Air safety institute warns about jet fuel contamination

The AOPA Air Safety Institute has issued an ASI Safety Notice calling pilots’ attention to the problem of jet fuel being contaminated with diesel exhaust fluid, which is not approved for use in aircraft and has caused engine failure or significant damage to aircraft engines and fuel systems in several instances.

The safety notice posted on the Air Safety Institute and AOPA websites was prompted by a May 9 fuel-contamination incident that caused two Cessna Citation jets that received tainted fuel in Punta Gorda, Florida, to experience in-flight failures-in one case of both engines, and in the other instance, of one of two engines. Both aircraft landed safely.

Diesel exhaust fluid, or DEF, is not intended for use in aircraft but is used to reduce emissions in diesel engines such as those in ground vehicles. When added to jet fuel, DEF can trigger reactions including the formation of crystals that can plug fuel filters and damage engine components.

In a letter to Acting FAA Administrator Daniel K. Elwell, AOPA President Mark Baker noted that the May 9 incident was the third in the last 18 months in which DEF was mistakenly added to aircraft fuel in separate locations, presumably in place of icing-inhibitor fluid. Both fluids are clear and colourless.

“We believed the first contamination event in November 2017 to be a unique situation and unlikely to reoccur. Unfortunately, a second occurred in August 2018,” Baker wrote, adding that the incidents led to the creation of an industry working group “to study factors surrounding these events, develop mitigation strategies, and recommend both short and long-term actions for industry and the FAA to implement.”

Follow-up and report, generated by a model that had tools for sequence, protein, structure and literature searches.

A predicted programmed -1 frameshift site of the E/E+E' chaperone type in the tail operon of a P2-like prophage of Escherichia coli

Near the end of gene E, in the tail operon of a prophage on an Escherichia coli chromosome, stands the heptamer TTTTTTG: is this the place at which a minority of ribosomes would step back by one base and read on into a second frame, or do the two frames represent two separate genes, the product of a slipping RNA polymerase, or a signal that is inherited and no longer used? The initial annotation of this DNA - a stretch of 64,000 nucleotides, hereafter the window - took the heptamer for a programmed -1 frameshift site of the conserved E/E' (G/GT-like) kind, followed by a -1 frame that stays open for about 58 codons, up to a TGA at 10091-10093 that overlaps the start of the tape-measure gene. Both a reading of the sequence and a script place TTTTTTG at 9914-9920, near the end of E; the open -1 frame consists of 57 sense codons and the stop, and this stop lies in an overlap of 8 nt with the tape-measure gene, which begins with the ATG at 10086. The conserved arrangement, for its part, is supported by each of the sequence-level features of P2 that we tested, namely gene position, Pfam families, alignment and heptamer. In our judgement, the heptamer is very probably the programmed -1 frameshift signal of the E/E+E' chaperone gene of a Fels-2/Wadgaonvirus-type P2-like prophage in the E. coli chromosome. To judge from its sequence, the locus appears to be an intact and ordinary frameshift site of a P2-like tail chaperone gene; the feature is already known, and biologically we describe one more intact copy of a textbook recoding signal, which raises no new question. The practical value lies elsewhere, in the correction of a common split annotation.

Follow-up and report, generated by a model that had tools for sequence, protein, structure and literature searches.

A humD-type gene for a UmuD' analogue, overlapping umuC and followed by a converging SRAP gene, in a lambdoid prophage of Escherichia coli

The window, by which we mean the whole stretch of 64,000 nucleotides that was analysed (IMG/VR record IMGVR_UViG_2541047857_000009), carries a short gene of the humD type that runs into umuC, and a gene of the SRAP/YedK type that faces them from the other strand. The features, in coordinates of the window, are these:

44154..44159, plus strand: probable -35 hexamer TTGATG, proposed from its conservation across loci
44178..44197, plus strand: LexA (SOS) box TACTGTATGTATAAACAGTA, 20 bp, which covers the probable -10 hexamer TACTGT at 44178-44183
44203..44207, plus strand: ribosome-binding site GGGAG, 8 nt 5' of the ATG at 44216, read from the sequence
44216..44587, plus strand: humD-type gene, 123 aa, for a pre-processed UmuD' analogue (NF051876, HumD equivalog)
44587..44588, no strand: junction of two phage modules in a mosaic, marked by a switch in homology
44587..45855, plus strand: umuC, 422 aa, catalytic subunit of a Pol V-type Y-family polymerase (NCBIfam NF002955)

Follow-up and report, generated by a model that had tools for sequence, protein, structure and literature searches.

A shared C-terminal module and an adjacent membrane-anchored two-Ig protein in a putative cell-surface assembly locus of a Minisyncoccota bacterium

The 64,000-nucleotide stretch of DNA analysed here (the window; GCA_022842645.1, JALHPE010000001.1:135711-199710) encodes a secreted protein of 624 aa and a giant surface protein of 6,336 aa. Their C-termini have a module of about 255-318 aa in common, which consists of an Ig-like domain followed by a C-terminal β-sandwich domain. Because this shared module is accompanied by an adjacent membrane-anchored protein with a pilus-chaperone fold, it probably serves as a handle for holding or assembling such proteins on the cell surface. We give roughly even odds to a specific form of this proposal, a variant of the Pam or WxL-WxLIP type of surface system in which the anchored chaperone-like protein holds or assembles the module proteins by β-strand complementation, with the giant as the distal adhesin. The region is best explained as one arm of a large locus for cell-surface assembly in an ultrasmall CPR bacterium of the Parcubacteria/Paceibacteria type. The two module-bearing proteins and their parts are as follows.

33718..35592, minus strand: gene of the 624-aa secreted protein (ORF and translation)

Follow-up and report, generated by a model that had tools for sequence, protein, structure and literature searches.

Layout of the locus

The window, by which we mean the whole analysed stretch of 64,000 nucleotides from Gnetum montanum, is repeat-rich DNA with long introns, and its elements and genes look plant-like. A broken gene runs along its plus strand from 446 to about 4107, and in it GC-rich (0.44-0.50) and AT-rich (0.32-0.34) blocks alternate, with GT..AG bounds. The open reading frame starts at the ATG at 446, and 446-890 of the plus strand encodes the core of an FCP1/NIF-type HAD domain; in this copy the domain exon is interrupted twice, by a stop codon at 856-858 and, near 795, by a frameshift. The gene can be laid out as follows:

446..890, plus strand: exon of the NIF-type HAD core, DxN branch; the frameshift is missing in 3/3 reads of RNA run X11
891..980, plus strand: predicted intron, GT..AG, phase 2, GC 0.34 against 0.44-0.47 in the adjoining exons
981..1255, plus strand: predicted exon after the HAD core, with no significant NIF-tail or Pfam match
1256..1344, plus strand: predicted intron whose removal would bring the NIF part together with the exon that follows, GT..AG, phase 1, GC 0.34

The ASI Safety Notice urges pilots to inquire if your fuel providers use DEF in ground equipment and about procedures to confirm that only the correct additives are used for jet fuel. Procedures should include separate storage, clear labelling, confirmation of correct additives at the time of insertion, and personnel training.

Noting that there are no known pre-flight procedures pilots can use to identify the presence of DEF in jet fuel, the notice raises pilots’ awareness that if engine failure occurs due to turbine flameout, DEF contamination is a possible cause. “Follow emergency checklist procedures for engine failure and realize if DEF contamination is the cause, successful restart is unlikely,” it cautions, noting that the loss of remaining engines is likely.

If DEF contamination is suspected, pilots should notify the fixed-base operator where fuel was obtained as soon as possible, and document and report the incident to the local FAA office immediately.

Baker’s letter said he expected the industry working group to issue its recommendations shortly. “Any assistance the FAA can provide to work with industry and quickly implement the mitigation strategies identified in the report will be appreciated,” he wrote to Elwell.

Photo by Mike Fizer

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